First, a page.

On topic I think the idea of halfing the length of the blades makes sence but as nipples said you would still be dealing with more weight for the engine right? what if you halfed the the lenght and doubled the chord of the blade.



posted on Oct, 29 2005 @ 11:54 AM
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Originally posted by Canada_EH
I think the idea of halfing the length of the blades makes sense but as nipples said you would still be dealing with more weight for the engine right? what if you halved the the length and doubled the chord of the blade.


If you halved the length, and doubled the chord, the rotor weight should stay approximately the same, but the moment of inertia would be greatly reduced, which would mean lower centrifucal loads at the blade root, and it would allow for quicker throttle reaction from the engine.


As nipples says, the further out you go, the higher the effective airspeed of the blade at that particular point is - so it will generate more lift, until the blade tips begin to go supersonic, and efficiency drops off dramatically. This is the reason a propellor aircraft cannot get into high subsonic mach number flight easily. (Neglecting the fancy prop-fan designs for a moment, they are quite different in design)


But, if you compare the size of a propellor on an aircraft to a helicopter, you can see it is much smaller, so you may say - why is a helicopter's blade not much smaller. Well, if you consider the stream-tube of a helicopter as well as propulsive efficiency it becomes more clear - it is always better to accelerate a larger mass flow by a lower amount, than a small mass flow by a large amount. This is the reason for high bypass ratio turbofan engines being so efficient compared to old turbojets - it is also the reason for turboprops being even more efficient than turbofans at low mach speeds.


When you think about the flow above and below a helicopter blade, you can see it is operating at almost stationary speeds (extemely low mach), therefore it is most efficient to use as large a rotor swept area as feasible (thus needing longer blades) before blades go supersonic (some blade tip designs are swept to offset this to allow greater rotor blade spans).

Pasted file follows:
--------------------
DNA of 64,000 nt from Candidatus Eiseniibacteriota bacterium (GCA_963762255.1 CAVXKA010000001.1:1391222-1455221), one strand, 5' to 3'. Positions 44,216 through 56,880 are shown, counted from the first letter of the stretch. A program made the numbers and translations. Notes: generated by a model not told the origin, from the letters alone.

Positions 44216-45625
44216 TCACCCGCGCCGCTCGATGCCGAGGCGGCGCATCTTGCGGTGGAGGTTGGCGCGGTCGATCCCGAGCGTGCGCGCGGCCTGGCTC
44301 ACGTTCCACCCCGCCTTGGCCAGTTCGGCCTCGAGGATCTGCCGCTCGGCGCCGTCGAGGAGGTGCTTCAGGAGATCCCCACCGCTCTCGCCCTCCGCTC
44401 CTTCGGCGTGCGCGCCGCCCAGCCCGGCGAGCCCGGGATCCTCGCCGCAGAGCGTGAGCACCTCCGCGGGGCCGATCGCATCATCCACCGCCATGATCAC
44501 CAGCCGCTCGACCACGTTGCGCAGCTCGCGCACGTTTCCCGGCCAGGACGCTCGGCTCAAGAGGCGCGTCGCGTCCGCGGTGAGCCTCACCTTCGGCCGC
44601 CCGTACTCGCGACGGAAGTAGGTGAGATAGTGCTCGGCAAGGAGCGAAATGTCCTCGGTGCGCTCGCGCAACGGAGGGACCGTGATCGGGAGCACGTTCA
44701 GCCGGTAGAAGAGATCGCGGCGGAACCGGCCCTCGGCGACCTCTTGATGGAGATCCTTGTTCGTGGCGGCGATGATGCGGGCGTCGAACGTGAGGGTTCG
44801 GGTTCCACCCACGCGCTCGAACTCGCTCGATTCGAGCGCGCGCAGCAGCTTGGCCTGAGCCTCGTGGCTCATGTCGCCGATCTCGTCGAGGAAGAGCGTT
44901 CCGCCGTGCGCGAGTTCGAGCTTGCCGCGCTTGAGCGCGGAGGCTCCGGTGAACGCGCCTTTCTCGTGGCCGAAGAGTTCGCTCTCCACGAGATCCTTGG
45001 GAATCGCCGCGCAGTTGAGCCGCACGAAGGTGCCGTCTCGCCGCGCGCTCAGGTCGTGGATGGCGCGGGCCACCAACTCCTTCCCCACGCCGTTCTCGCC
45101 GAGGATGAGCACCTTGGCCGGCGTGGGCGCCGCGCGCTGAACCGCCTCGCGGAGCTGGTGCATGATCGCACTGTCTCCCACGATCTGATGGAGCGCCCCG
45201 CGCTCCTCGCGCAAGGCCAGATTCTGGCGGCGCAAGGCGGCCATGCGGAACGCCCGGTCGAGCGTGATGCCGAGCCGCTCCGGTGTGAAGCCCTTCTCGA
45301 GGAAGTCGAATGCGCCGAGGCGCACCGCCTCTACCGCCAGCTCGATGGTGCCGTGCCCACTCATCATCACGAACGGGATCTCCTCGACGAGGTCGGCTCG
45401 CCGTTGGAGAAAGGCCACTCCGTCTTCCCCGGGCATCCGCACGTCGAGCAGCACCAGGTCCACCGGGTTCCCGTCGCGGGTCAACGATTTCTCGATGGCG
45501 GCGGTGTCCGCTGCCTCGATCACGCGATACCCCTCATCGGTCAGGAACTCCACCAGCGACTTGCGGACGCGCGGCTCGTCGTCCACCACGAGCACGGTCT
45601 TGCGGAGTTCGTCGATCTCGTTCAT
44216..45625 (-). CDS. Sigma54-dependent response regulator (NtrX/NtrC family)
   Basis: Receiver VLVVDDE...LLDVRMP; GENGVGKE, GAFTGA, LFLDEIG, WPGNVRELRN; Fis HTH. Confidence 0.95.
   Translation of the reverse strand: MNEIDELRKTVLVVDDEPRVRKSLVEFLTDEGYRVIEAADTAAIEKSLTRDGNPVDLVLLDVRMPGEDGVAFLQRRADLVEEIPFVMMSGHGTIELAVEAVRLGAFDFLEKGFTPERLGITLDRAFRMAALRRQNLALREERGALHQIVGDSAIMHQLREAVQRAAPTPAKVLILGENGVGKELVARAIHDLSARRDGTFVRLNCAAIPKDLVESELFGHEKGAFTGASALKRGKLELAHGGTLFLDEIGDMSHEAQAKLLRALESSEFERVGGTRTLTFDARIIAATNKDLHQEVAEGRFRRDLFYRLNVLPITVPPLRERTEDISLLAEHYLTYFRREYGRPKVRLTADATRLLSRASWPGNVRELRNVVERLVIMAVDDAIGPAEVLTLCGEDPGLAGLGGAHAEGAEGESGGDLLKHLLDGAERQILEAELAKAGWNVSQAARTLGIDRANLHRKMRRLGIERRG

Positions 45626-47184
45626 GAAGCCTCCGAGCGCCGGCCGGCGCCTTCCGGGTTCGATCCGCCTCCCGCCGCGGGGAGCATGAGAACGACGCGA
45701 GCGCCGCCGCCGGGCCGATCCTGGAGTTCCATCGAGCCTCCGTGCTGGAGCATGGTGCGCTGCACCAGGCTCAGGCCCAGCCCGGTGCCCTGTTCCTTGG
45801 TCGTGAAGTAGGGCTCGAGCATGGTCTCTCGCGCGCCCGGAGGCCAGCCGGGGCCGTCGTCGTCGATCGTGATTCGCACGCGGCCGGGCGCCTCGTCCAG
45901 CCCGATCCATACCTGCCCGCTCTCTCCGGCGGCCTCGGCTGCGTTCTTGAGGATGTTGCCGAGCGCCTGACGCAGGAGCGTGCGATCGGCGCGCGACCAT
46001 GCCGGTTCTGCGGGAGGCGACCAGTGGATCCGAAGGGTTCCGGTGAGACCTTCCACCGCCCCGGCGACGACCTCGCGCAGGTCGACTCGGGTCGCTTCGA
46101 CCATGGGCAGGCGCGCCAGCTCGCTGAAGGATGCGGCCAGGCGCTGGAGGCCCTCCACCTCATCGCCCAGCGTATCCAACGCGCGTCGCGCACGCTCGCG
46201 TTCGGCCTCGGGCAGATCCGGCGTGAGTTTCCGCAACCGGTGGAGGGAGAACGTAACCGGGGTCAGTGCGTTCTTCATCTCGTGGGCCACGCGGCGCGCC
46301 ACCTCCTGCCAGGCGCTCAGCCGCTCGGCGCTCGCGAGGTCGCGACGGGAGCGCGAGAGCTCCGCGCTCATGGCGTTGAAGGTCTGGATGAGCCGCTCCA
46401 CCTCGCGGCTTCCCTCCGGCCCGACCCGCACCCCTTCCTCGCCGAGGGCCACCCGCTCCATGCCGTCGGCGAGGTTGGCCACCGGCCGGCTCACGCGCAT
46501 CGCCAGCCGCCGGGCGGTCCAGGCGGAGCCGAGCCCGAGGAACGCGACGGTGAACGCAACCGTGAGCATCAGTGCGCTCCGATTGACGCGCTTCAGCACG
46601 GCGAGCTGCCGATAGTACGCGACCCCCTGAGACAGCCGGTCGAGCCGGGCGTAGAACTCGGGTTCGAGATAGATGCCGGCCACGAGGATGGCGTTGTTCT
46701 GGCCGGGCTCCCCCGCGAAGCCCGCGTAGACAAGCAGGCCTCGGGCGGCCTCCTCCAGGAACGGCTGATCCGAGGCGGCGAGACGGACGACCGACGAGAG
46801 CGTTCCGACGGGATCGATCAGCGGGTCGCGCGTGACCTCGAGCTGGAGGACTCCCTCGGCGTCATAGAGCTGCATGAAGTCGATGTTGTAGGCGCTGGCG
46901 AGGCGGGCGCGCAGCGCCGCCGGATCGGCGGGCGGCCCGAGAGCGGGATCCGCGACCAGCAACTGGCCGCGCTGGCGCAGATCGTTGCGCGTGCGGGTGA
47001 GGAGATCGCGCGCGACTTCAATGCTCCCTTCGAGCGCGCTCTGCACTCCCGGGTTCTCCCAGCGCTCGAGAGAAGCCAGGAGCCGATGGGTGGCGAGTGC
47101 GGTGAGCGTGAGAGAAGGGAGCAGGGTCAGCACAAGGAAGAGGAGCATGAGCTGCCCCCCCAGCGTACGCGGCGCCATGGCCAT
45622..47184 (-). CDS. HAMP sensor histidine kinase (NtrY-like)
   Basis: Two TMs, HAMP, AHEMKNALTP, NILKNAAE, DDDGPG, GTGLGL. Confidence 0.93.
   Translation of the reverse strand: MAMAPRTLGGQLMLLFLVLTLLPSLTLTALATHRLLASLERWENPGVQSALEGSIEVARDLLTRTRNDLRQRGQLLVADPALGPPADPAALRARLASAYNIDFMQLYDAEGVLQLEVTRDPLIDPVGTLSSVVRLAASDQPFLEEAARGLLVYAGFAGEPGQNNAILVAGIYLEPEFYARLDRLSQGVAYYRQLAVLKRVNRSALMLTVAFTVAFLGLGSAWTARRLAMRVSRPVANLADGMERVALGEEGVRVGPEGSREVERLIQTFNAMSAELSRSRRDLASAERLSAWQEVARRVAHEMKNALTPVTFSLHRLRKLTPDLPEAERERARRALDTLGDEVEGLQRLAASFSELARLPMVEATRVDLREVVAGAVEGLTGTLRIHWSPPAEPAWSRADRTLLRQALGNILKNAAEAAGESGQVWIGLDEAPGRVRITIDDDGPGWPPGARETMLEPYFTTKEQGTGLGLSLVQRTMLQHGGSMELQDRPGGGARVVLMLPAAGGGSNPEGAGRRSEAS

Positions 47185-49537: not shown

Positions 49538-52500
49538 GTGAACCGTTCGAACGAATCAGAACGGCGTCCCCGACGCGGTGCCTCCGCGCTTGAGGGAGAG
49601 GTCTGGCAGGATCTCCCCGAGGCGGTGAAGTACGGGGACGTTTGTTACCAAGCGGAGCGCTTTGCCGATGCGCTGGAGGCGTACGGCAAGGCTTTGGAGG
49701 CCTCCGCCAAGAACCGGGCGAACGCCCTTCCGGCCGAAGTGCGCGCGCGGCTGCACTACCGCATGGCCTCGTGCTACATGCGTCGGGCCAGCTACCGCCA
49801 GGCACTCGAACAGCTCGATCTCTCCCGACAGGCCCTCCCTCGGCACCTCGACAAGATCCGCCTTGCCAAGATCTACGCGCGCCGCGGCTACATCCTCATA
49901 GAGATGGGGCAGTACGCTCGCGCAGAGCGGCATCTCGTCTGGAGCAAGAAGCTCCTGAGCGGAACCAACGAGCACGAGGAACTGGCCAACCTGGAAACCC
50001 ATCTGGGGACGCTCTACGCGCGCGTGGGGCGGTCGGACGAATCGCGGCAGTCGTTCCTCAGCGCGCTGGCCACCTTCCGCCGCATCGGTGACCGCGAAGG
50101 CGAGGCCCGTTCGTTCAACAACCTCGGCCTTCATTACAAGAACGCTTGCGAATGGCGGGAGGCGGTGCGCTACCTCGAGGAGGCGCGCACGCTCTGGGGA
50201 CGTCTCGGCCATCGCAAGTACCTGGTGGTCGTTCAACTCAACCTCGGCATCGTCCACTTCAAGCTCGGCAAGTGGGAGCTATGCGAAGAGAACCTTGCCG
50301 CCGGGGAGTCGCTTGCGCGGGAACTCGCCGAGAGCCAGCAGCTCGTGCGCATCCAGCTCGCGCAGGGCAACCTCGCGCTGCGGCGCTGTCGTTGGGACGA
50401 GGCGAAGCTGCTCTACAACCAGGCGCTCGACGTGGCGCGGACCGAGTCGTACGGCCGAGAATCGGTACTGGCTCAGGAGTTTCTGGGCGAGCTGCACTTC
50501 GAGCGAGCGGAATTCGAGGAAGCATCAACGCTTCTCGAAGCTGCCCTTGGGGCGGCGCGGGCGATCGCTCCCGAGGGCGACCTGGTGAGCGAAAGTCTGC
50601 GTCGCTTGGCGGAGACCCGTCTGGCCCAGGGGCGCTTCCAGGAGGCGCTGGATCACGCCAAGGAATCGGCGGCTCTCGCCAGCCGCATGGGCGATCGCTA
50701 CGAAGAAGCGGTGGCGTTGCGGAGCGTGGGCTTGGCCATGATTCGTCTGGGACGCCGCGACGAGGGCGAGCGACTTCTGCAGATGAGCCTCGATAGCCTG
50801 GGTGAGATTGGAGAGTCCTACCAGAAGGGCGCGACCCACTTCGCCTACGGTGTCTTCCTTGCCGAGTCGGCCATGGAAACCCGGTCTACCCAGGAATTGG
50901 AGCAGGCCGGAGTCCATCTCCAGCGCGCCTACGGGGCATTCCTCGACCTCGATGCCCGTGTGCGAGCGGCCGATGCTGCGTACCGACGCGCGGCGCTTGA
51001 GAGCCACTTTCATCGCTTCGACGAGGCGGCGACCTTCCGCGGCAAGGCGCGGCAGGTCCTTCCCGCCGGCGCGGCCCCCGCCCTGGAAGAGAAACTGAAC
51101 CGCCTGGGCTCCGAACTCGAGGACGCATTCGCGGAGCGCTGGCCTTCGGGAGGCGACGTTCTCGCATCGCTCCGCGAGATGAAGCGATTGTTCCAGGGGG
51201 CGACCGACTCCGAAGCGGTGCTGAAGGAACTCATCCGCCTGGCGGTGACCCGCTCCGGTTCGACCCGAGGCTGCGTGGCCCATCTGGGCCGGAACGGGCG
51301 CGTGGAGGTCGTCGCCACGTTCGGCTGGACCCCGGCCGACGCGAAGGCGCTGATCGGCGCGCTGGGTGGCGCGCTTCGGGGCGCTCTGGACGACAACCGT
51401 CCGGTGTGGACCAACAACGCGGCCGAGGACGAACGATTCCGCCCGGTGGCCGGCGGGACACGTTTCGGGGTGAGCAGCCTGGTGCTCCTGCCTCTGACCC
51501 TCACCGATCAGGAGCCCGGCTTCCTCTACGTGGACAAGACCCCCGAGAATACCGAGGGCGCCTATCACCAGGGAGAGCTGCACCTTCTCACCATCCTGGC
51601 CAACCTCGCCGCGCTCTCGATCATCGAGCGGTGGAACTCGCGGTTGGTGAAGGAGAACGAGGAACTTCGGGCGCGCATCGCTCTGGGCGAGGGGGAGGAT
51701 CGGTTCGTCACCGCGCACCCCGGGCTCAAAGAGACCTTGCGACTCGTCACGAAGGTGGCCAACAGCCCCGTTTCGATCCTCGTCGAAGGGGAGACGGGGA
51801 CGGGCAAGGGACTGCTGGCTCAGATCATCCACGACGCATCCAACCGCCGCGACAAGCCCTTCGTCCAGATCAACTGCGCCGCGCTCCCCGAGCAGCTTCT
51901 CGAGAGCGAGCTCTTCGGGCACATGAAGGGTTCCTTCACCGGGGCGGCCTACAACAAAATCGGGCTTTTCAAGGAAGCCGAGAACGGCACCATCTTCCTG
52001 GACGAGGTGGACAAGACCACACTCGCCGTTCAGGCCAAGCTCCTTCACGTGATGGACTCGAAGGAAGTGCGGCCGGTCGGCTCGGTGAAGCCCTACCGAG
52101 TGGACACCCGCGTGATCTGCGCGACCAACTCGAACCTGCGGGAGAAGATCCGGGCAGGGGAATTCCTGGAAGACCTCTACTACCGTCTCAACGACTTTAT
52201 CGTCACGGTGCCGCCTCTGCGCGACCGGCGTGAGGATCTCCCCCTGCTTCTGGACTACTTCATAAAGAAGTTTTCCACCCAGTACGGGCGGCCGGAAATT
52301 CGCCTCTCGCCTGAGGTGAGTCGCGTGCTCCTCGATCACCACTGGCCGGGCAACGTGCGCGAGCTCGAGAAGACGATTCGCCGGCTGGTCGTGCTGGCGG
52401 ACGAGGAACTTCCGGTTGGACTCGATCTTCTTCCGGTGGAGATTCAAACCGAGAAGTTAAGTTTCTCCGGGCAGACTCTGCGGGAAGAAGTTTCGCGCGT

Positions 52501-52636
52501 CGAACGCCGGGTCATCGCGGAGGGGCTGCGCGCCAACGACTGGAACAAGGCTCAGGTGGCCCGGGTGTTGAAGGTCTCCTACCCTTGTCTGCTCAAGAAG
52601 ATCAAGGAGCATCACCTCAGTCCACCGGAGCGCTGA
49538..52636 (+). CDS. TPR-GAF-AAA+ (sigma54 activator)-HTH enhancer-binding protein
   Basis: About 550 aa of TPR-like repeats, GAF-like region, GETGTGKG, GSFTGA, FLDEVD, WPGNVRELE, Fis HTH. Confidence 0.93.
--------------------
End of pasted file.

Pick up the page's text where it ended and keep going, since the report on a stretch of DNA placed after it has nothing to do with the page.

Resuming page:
Thinking about what I said earlier, the wakes probably wouldn't be a large issue unless the camber of each blade profile became extreme and there was a large number of blades on the rotor design.



posted on Oct, 29 2005 @ 12:10 PM
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Originally posted by kilcoo316

Originally posted by Canada_EH
I think the idea of halfing the length of the blades makes sense but as nipples said you would still be dealing with more weight for the engine right? what if you halved the the length and doubled the chord of the blade.


If you halved the length, and doubled the chord, the rotor weight should stay approximately the same, but the moment of inertia would be greatly reduced, which would mean lower centrifucal loads at the blade root, and it would allow for quicker throttle reaction from the engine.


As nipples says, the further out you go, the higher the effective airspeed of the blade at that particular point is - so it will generate more lift, until the blade tips begin to go supersonic, and efficiency drops off dramatically. This is the reason a propellor aircraft cannot get into high subsonic mach number flight easily. (Neglecting the fancy prop-fan designs for a moment, they are quite different in design)

So i understand for myself your saying that the short the blade the faster it has to go to produce the equal amount of lift of a longer blade? Also with a shorter balde your would get quicker reactions from when the engine is throttled up or down?